Told through a journey into the comparable worlds of beauty pageants and dog shows, Victoria Melody’s
Major Tom is a relaxed and charming show with smart commentary under its fur. There’s no angry rant about beauty pageantry, just an informed and funny look at some of the things women go through for these pageants.
It’s quite a novelty to walk into Battersea Arts Centre and see a bunch of dogs sat on the steps of the old town hall having their pictures taken. The novelty continues when you walk into the space and the Basset Hound, Major Tom, lies by the door looking up at you and letting you pet him as you go in. IT’S A DOG ON STAGE! And he’s a very likeable, very sleepy dog. Victoria Melody warns at the beginning of the show not to get too excited about Major Tom as he’ll mostly be asleep through the whole thing. But that’s not a problem as the audience clearly loves seeing him sleep, wake up, yawn and go back to sleep. It’s clear that Victoria Melody’s Bassett Hound Major Tom is a big draw to the show. After all, he’s got the title.
In Major Tom, Victoria Melody tells the story of how she came to be the owner of such a sleepy hound and how she decided to enter him into dog shows to prove what a unique and special dog he is. After being told a number of times that Major Tom wasn’t good enough to win, Victoria became concerned about the dog’s possible low esteem so she decided to enter herself into a beauty pageant so she could sympathise with the pressure of being best in show.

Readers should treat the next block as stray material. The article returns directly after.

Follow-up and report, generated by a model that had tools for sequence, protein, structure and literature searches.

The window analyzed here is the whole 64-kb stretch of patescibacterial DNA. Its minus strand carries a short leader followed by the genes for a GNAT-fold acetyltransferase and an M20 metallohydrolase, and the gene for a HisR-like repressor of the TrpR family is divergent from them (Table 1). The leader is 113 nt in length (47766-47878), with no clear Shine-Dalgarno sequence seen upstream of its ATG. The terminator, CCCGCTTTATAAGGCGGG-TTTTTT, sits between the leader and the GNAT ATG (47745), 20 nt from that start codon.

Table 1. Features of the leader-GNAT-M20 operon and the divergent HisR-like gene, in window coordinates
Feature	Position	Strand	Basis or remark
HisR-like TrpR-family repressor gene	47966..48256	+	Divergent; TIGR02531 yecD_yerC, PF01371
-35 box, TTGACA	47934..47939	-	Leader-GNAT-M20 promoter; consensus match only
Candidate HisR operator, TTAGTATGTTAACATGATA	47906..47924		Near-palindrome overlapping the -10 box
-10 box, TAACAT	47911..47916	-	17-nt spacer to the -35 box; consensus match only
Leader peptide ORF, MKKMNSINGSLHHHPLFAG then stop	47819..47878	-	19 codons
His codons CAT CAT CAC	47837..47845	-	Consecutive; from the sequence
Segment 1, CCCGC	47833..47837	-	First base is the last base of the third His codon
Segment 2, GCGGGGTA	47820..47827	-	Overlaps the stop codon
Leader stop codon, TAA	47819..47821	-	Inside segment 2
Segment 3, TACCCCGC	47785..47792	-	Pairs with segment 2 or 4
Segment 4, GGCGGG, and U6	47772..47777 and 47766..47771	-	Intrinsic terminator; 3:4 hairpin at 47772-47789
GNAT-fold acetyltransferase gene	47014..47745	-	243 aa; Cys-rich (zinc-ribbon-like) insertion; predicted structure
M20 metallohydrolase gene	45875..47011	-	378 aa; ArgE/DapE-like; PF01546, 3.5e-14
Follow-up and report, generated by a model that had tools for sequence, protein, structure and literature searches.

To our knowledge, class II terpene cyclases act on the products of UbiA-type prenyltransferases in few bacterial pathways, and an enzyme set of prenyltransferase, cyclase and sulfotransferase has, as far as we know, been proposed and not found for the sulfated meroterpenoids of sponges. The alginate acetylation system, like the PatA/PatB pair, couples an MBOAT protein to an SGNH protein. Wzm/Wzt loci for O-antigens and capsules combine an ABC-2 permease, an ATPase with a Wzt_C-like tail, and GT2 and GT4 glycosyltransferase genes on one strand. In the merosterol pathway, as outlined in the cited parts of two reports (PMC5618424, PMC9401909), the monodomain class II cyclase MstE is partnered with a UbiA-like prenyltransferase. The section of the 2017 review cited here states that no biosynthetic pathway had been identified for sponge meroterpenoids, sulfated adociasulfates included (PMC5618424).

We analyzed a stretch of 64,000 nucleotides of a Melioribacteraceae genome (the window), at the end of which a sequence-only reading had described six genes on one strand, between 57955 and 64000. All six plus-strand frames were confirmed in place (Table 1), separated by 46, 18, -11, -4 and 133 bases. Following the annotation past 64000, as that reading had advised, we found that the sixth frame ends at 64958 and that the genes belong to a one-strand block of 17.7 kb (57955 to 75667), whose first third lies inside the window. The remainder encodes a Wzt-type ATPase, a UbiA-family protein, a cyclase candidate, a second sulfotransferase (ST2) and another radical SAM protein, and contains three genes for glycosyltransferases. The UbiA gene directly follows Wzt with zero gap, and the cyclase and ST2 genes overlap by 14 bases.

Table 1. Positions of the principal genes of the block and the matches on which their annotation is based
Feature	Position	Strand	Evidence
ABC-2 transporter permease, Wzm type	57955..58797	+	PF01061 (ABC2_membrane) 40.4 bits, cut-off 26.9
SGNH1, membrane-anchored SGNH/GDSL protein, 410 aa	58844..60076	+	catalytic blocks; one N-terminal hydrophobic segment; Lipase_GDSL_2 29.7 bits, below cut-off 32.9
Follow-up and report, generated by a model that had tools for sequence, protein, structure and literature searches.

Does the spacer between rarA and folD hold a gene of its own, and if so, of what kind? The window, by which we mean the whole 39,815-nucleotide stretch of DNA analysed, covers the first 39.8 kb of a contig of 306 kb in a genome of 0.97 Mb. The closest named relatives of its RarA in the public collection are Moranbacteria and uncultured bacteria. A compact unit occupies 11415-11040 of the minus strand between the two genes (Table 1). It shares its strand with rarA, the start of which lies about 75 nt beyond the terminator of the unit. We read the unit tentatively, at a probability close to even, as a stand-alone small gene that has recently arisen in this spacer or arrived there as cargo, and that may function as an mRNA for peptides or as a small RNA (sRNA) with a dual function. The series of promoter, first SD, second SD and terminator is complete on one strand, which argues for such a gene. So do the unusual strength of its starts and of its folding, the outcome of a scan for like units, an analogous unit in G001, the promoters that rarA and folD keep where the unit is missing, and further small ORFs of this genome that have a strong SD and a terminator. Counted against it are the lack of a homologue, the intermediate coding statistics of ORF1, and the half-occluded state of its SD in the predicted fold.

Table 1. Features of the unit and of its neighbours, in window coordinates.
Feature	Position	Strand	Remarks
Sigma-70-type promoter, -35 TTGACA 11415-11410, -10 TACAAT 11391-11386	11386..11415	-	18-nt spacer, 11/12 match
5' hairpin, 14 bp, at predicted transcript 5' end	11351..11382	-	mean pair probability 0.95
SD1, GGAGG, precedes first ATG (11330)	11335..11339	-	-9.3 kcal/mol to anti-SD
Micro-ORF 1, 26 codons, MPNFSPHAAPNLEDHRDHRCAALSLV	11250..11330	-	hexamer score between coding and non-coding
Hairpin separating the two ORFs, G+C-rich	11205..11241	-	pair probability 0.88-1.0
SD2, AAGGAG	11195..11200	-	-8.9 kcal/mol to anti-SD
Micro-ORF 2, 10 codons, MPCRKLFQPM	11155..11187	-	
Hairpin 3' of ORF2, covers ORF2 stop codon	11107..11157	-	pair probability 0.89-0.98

Major Tom is a relaxed and charming show with smart commentary under its fur. There’s no angry rant about beauty pageantry, just an informed and funny look at some of the things women go through for these pageants. It’s effectively mirrored with Major Tom’s best of show competitions for dogs – One of the show’s highlights is a hilarious side by side comparison of Melody’s and her dog’s preparation for their shows presented like a training montage. It might not be ground-breaking – beauty pageantry is generally considered sexist and objectifying – but one of the strengths of Major Tom is how Melody demonstrates that the desire to look ‘perfect’ (or fake) and the competitiveness that comes from attaining your ‘perfection’ can be addictive. Particularly when this perfect/fake image is still paramount in mainstream entertainment and affects our general attitudes about self-image. It’s a very current issue with increasing levels of anorexia and bulimia in the UK and the presence of social media memes such as ‘thinspire’, encouraging people to get unhealthily thin and contributing to a type of eating disorder competitiveness. Victoria Melody does a good job of demonstrating how infectious this way of thinking can be whilst still keeping the show funny and enjoyable.
With a clever and current look at the obsession with body image and celebrity, a modest and easy style and a very lovable dog, Major Tom might not win best in show but is well worthwhile for its simple yet honest and poignant qualities.